If you’re heading to Norway, then a visit to the town of Bergen on the coast needs to be on your short list. And in this guide to what to do in Bergen, we’re going to explain why.
Bergen is home to a UNESCO listed old town center, stunning mountains, and a number of excellent cultural attractions. It’s also in the heart of Norway’s beautiful fjords, meaning there’s a lot to do in the surrounding areas too.
In this guide, we’re going to share with you some ideas for what to do in Bergen, as well as some practical advice for your visit, including where to stay, getting here and away and when to visit. Let’s get started.
Table of Contents
What to do in Bergen
1. Climb a mountain (or take the cable car)
Bergen is a city tucked in a fjord and surrounded by towering hills. Naturally, climbing these hills on a clear day gives you rather breath-taking views across the city and surrounding area.
Two hills that you should consider getting yourself up are Mt Ulriken (photo above) and Fløyen. The first is accessible by a cable car (Ulriksbanen). On a clear day this offers the best view of the surroundings, plus there is a restaurant at the top where you can prolong your viewing pleasure over a bite to eat. The entrance to Ulriksbanen is a little way south of the city centre, and is best reached by bus.
The other hill, Fløyen, is found at the top of the Fløibanen, a funicular which will whisk you up the side of the mountain in a few minutes. The entrance to the Fløibanen is just behind Bryggen in the city centre, which makes it easier to get to as part of your explorations. You can also walk up to the top if you are feeling like a bit of exercise, or you could take the funicular up and walk down. Whatever works for you!
2. Visit the house that Grieg built
One of Norway’s more famous composers, Edvard Grieg, happened to live just outside of Bergen. His house, Troldhaugen, has been preserved in the same condition since his death, plus you can visit his grave which is also on site. It’s a very beautiful location, set above a lake, and there is a museum on site where you can brush up on your Grieg knowledge.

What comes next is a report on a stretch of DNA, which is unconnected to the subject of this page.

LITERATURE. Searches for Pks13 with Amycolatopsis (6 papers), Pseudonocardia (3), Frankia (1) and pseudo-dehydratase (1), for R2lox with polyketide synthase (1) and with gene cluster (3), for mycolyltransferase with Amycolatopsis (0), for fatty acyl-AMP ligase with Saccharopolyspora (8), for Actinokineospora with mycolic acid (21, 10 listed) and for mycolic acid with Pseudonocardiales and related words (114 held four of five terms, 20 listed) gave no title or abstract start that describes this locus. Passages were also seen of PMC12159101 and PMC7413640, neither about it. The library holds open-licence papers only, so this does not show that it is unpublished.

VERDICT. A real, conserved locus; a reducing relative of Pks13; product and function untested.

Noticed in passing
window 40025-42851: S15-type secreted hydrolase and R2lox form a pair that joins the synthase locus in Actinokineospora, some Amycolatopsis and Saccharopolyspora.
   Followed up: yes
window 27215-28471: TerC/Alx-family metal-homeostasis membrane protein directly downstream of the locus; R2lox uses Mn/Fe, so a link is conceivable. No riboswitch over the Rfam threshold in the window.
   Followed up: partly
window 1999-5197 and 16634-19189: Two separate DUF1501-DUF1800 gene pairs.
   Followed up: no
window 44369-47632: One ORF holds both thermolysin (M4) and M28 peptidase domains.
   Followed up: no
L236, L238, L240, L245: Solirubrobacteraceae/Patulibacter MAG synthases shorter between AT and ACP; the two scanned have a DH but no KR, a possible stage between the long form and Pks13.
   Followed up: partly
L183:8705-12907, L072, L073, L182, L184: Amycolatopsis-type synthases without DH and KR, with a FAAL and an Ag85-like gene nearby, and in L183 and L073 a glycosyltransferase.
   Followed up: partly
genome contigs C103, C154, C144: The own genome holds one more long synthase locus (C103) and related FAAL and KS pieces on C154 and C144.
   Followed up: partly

This one is a bit of a trip outside town, and if you don’t have your own transport then you’ll need to take either a tram or bus and then wander across unlikely looking housing estates for half an hour or so, like us. We were lucky enough to get a lift back which shortened the whole trip, but otherwise count on at least three hours for this one from the city centre.
3. Investigate the flammable city centre of Bryggen
The UNESCO world heritage listed city centre called Bryggen is entirely constructed from wood. This means two things – it is quick and easy to build and quick and easy to burn.
The history of Bryggen, and indeed Bergen, is a charred one. The most recent fire was in 1955, but this place has a history of fires dating right back to the 14th century, when it came into being.
The good news is that every time it has burnt down, it has been recreated in the same style, so you can get a slice of 600 year old history even if the buildings aren’t quite that old. Just don’t turn up with marshmallows and a toasting fork. That won’t go down well.
One notable building to visit is the Hanseatic League, where a group of male only German merchants carried out their trade for four hundred years. Now a museum, you can pop in and see what sort of lives they led. My conclusion was that they led fairly cold lives – fires weren’t allowed in their property, for fairly obvious reasons.
4. Visit Bergenhus Fortress
Bergenhus fortress, a little way past Bryggen, is one of the oldest fortresses in Norway dating to around the 12th century. It was cold, windy and cloudy when we visited, which added to the atmosphere. I hear that in summer it is a popular place for picnics, but we were only accompanied by seagulls in our wanderings.
There is a cafeteria and you can take a tour – these run daily between May and August, and on Sundays for the rest of the year if you book.
5. See the Art of Edvard Munch
If you’re a fan of the Norwegian artists Edvard Munch, then you are going to love visiting Bergen. The city is home to the second largest collection of Munch paintings in the world – second only to Oslo.
Housed in the KODE art museums, this collection of works covers the entire span of Munch’s career, with over 150 pieces housed by Kode, including a pen and ink version of “The Scream”, the most famous of all of Munch’s works.
6. Take a Tour of the Fjords
As mentioned at the start of the post, Bergen is found deep within Norway’s beautiful fjords, so a day out to the fjords is a must if you have a bit of extra time in the town and want to explore the beautiful surroundings.
There are a number of tours that run from Bergen that take you out to the fjords, we recommend one of the following:
- This full day boat tour from Bergen to Rosendal village, which includes time visiting a castle as well as spectacular fjord scenery
- This private luxury day tour to some spectacular parts of Norways fjords, including the Hardangervidda mountains
- This day tour from Bergen which includes a ride on the famous Flåm railway and a a cruise along two UNESCO-listed fjords
Saving Money in Bergen